Depression

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According to the National Institute of Mental Health, in any given 1-year period, 9.5 percent of the population, or about 18.8 million American adults, suffer from a depressive illness. Unfortunately, many people do not recognize that depression is a treatable illness.

A depressive disorder is an illness that involves the body, mood, and thoughts. It affects the way a person eats and sleeps, the way one feels about oneself, and the way one thinks about things. A depressive disorder is not the same as a "passing blue mood." It is not a sign of personal weakness or a condition that can be willed or wished away. People with a depressive illness cannot merely "pull themselves together" and get better.

Types of Depressive Disorders

Major depression is manifested by a combination of symptoms that interfere with the ability to work, study, sleep, eat, and enjoy once pleasurable activities. Such a disabling episode of depression may occur only once but more commonly occurs several times in a lifetime.

  • Persistent sad, anxious, or "empty" mood
  • Feelings of hopelessness, worthlessness, helplessness
  • Loss of interest or pleasure in hobbies and activities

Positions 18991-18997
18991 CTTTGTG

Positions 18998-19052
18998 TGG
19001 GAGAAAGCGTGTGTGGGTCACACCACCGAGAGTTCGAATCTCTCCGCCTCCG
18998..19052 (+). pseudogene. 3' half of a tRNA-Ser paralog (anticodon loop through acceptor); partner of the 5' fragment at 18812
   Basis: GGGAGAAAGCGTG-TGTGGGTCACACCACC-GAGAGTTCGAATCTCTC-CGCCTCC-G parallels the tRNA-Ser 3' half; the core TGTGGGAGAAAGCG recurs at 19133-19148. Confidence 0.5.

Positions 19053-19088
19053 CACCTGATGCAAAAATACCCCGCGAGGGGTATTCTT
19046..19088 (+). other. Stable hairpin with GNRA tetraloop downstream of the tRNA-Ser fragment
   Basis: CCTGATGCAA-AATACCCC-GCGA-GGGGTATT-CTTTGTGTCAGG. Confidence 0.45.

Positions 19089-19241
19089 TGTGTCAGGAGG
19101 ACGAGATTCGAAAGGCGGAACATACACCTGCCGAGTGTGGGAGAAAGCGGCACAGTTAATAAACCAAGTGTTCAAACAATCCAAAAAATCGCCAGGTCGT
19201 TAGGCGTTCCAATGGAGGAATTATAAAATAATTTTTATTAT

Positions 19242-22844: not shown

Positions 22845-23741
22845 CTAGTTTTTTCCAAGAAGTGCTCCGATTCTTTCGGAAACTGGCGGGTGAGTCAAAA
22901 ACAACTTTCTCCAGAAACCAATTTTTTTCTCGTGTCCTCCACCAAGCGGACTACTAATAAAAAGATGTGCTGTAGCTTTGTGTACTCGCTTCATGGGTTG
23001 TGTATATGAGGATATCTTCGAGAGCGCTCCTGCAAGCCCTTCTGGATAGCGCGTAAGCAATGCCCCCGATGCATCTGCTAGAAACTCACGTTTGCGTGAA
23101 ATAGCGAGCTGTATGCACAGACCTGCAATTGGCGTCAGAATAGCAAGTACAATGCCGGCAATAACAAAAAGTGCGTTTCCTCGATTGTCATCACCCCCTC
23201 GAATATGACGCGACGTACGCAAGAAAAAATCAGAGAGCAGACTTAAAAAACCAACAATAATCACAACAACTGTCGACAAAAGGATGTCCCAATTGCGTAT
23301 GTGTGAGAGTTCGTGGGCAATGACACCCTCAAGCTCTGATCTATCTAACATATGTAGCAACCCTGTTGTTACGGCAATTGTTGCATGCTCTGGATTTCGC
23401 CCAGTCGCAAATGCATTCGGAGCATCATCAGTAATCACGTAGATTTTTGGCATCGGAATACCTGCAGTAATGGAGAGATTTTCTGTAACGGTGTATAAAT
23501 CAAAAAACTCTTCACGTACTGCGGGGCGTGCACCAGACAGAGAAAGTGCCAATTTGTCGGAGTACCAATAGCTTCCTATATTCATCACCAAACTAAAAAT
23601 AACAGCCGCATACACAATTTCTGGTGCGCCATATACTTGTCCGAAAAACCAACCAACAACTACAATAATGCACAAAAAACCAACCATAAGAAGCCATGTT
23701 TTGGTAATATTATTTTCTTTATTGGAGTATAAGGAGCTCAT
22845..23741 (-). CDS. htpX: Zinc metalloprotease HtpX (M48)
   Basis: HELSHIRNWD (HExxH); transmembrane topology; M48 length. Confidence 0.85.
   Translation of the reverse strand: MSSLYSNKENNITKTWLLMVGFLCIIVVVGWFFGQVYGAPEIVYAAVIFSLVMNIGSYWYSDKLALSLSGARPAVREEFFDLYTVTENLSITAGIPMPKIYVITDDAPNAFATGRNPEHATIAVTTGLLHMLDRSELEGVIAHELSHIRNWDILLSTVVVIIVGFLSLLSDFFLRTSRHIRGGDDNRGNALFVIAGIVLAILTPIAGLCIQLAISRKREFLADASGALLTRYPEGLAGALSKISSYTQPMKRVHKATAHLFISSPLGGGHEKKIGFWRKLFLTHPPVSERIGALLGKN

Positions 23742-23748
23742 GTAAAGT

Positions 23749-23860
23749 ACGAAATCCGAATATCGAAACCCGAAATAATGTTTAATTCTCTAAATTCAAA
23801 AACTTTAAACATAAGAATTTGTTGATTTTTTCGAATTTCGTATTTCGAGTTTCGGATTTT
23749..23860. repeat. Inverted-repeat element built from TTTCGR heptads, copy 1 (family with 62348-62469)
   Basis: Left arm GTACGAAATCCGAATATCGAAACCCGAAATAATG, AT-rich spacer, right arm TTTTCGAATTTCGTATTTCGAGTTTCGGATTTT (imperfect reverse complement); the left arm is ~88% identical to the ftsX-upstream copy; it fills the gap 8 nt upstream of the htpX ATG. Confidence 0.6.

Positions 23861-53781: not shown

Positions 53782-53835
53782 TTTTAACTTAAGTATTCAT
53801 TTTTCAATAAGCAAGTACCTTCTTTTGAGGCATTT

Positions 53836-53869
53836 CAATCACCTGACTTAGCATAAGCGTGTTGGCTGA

• Decreased energy, fatigue, being "slowed down"
  • Difficulty concentrating, remembering, making decisions
  • Insomnia, early-morning awakening, or oversleeping
  • Appetite and/or weight loss or overeating and weight gain
  • Thoughts of death or suicide; suicide attempts
  • Restlessness, irritability
  • Persistent stomach problems or headaches that don't respond to treatment

A milder type of depression, dysthymia, involves long-term, chronic symptoms that do not disable, but keep one from functioning well or from feeling good.

Another type of depression is bipolar disorder, also called manic-depressive illness. Not nearly as common as other forms of depressive disorders, bipolar disorder is characterized by cycling mood changes: severe highs (mania) and lows (depression).

Treatment

Treatment choice will depend on the outcome of thorough evaluations by a mental health professional and a medical doctor. There are a variety of antidepressant medications and psychotherapies that can be used to treat depressive disorders. Some people with milder forms may do well with psychotherapy alone. People with moderate to severe depression most often benefit from antidepressants. Most do best with combined treatment: medication to gain relatively quick symptom relief and psychotherapy to learn more effective ways to deal with life's problems, including depression.

This information was taken from the National Institute of Mental Health's website.

If you would like to schedule a free evaluation with an EAP counselor, call Employee Resource Systems, Inc. at (800) 292-2780.